Baseball

The good times certainly outweighed the bad if you were a Cubs fan this weekend. With Wrigley Field at 100% capacity and the fans going nuts, the Cubs seemed to get another rush of adrenaline that pushed them to winning an important series against the Cardinals. After Friday’s blip, where Kohl Stewart only went 4 innings, the Cubs starters were, dare I say it…good?

Both Kyle Hendricks and Zach Davies went 6+ innings this weekend, giving the bullpen a needed breather to keep from tiring out as this full-length season continues. More big games from the starters, and the Cubs, dare I say it, look dangerous? More important games are coming up, and soon, so we’ll have to see how this team fares.

June 11, 2021
Cubs 7, Cardinals 5
WP: Nance (1-0) LP: Cabrera (1-2)
Box Score

Let’s be honest: the game didn’t start the way any of us wanted to, with the Cubs pretty much always behind on the score, as Kohl Stewart made his second start as a Cub and almost immediately started giving up hits. In the 2nd inning, a walk and two singles were able to score the Cardinals’ first run of the game, and they added onto that in the 3rd when a walk and two more singles allowed another run to score.

It took around half the game for the Cubs’ offense to show up, but I’d take that over them never showing up at all. The Cubs started out with a solo home run by Joc Pederson in the 4th, and by the top of the 5th the Cardinals had scored another run before Stewart was pulled for Keegan Thompson. A single by Nolan Arenado was all the Cards needed to make the score 5-1 Cardinals, but amazingly the Cubs came roaring back at the bottom of the inning with three runs of their own. Although Contreras walked and Jason Heyward (finally) singled, it was Sergio Alcantara, the second baseman for today, who was the hero of the inning. His triple scored two runs, and after a kind of hilarious Yadier Molina throwing error, he was able to score to make it 5-4.

Though by this time the inning ended with the Cubs behind, it was Anthony Rizzo in the 6th who hit a solo bomb to tie the game, and in the 7th inning it was Heyward again with a leadoff single, Jake Marisnick with a single, and Joc Pederson again being the catalyst for some runs as he hit a double, scoring both men in front of him. The Cubs ended the game offensively for both sides through a solo homer by Contreras in the 8th.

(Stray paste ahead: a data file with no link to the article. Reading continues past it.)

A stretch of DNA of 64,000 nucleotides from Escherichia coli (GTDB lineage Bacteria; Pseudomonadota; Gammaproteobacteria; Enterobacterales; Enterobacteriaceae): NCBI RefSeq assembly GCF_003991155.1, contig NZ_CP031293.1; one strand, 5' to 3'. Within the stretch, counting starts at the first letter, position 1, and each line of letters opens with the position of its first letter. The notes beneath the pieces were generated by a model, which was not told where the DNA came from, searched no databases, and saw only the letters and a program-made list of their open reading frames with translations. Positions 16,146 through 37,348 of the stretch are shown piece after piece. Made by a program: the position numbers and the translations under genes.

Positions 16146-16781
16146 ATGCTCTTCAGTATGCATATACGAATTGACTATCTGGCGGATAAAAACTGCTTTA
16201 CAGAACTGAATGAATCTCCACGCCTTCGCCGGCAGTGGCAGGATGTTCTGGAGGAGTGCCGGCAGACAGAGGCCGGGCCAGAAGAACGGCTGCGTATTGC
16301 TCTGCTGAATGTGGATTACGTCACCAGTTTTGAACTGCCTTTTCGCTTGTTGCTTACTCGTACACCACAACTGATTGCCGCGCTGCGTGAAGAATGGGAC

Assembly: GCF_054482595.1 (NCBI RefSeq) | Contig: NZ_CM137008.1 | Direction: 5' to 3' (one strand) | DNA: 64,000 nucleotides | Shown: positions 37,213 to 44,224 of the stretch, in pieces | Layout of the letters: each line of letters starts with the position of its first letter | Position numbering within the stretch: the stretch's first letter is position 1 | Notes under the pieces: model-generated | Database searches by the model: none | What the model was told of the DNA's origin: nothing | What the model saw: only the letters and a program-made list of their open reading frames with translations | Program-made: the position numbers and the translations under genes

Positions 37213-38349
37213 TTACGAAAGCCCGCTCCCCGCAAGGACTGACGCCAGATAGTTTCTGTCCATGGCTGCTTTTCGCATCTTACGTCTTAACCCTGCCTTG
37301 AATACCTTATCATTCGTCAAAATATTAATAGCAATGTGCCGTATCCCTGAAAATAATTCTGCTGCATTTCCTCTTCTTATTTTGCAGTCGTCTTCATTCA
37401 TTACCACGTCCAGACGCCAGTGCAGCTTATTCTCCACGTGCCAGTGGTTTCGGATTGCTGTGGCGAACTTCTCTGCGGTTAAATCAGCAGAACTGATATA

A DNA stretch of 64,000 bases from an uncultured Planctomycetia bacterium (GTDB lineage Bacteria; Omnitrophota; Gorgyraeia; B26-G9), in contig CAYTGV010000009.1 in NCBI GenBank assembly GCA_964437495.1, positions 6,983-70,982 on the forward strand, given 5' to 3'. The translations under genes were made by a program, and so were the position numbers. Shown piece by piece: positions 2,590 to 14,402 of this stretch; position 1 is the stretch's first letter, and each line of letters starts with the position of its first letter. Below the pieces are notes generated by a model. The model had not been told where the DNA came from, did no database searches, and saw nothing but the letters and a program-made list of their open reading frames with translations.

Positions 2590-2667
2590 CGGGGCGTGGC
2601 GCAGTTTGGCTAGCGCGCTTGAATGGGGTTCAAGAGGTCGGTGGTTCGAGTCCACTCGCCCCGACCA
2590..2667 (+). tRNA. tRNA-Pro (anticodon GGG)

Once Thompson stepped off the mound, the Cubs only allowed one hit and one walk and had five strikeouts. The Cardinals tried to make contact on Craig Kimbrel’s pitches in the 9th inning but kept getting pop-ups that were easy plays for guys like Baez. Even when the first batter hit a ground ball off Kimbrel’s pitch, it was Baez who made a crazy split-second play to Rizzo to get him out quickly. Good work was done by all.

June 12, 2021
Cubs 7, Cardinals 2
WP: Hendricks (8-4) LP: Gant (4-4)
Box Score

The Cubs have done it again. In front of a rip-roaring crowd, it only took two innings for them to blow this game wide open. Kyle Hendricks was able to pitch 6 innings, a rarity these days for a Cubs starter, and allowed the only two runs the Cardinals would get all game. Those runs were both homers and came off of only three hits he allowed; he also had two strikeouts on the day.

The Cubs, however, had three home runs this game. The first one opened up scoring in the 2nd inning by Ian Happ that scored Willson Conteras, who walked earlier. Four straight walks (and one Pederson flyout) later, and the Cubs were up 3-1. Javier Baez singled to make it 4-1, and Rizzo got hit by a pitch which made the game 5-1 Cubs.

The team never looked back, despite the Cardinals hitting another solo home run to start the 3rd inning. A single and a walk put Hendricks in the diciest situation of the day, but he was able to get out of it thanks to the defense behind him getting lineouts and forceouts. Alcantara homered in the bottom of the 3rd, once again showing Cubs fans that he is competent on both an offensive and defensive level, but what call-ups haven’t been like that so far this season?

Maybe it was Trevor Megill, who didn’t have a good outing after being recently called up, trading places with Kohl Stewart for a reliever position. Megill only lasted 0.2 innings in the 9th and gave up one of only two bullpen hits of the game for the Cubs. He allowed two walks, loading the bases. The Cubs, not wanting to extend this game any longer than necessary, just decided to yank him and put in Craig Kimbrel, who was able to get the final out of the game.

June 13, 2021
Cubs 2, Cardinals 0
WP: Davies (4-3) LP: Martinez (3-7)
Box Score

The Cubs continue to dazzle, including on the starting pitching front, as Zach Davies went 6.2 innings of baseball where he gave up only 2 hits and 2 walks. Can I believe I’m writing these words? Not exactly, but I’ll take all the good that I can get for this team.